George Lohmann bowled slower deliveries. Tom Richardson bowled yorkers! [[ Shrikanth You win because you won't let go. You have unearthed something to suit your argument. Re Lohmann, C M_J, in his all-time-classic, The Complete who-is-who of Test cricketers" says, ""a greaceful medium-pace bowler with an occasional faster ball", wuite at variance to what you say. And even if he bowled a slower ball occasionally, I am talking about using slower deliveries consistently as a weapon. Re Tom Richardson, C M_J says "After a long run-up and high right arm delivery, the combination of pace with a pronounced off-break made him irrestible". Again he might have bowled the occasional yorker. Same arguments apply. I love Test cricket more than ODIs. But that does not mean I am going to put the later down. Ananth: ]]

  • James on April 25, 2011, 6:11 GMT

    Some people have said some incorrect things here.

    The West Indies won in Australia 2-0 in 1979, 3-0 in 1984, 3-1 in 1988, and 2-1 in 1992. They beat Pakistan 2-1 in 1977, and 1-0 in Pakistan in 1980.

    Before the 1975/76 tour of Australia, Michael Holding had played 0 Test matches, Gordon Greenidge 5 Tests, and Viv Richards only 7, so they were all rookies at the start of their career. And Joel Garner, Malcolm Marshall, and Desmond Haynes weren't even in the team yet.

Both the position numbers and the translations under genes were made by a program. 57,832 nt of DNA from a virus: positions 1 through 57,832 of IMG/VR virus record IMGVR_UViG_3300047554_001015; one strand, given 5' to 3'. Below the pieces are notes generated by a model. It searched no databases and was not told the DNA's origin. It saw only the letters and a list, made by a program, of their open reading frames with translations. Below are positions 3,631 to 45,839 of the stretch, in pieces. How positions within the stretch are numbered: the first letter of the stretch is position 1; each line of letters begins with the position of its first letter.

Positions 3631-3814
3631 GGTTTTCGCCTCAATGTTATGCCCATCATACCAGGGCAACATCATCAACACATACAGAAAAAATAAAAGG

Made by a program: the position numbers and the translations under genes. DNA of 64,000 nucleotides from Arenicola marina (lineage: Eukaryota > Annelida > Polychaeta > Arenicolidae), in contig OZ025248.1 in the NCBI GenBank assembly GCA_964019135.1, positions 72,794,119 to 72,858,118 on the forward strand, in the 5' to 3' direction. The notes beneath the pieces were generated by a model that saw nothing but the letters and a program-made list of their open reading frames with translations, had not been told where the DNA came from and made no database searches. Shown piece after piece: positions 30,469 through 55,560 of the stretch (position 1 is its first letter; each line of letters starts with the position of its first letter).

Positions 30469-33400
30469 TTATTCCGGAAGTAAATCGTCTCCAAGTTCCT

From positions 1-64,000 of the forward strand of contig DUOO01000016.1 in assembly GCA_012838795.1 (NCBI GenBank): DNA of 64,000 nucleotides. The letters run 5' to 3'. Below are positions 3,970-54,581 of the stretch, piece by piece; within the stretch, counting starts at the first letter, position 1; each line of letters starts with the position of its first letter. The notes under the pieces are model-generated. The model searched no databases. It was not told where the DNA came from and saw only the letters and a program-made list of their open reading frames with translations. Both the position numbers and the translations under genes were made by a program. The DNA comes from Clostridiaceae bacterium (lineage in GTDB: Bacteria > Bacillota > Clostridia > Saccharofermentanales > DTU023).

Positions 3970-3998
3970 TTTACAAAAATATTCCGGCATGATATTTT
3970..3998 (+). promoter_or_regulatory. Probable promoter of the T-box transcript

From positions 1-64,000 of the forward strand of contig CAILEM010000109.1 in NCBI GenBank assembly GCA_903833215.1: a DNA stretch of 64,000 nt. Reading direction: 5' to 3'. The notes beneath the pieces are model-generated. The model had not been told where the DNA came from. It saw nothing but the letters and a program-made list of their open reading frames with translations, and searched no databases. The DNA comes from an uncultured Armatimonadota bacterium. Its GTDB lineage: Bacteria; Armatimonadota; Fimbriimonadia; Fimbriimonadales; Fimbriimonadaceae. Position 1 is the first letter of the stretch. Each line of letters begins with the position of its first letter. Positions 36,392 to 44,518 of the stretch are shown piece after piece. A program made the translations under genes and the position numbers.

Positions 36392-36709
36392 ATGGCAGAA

When they came back 4 years later in 1979 they hammered Australia 2-0, winning by 408 runs in Adelaide, and by 10 wickets in Melbourne. That 1979 Australian team featured Ian Chappell, Greg Chappell, Border, Hughes, Hookes, Marsh, Lillee, Thompson, Mallett, Pascoe, and Hogg. And the Pakistan team they defeated featured Imran Khan, Javed Miandad, Zaheer Abbas, Abdul Qadir, and Sarfaraz Nawaz.

    So anybody who questions the quality of opposition the West Indies beat is wrong.

  • Alex on April 25, 2011, 5:54 GMT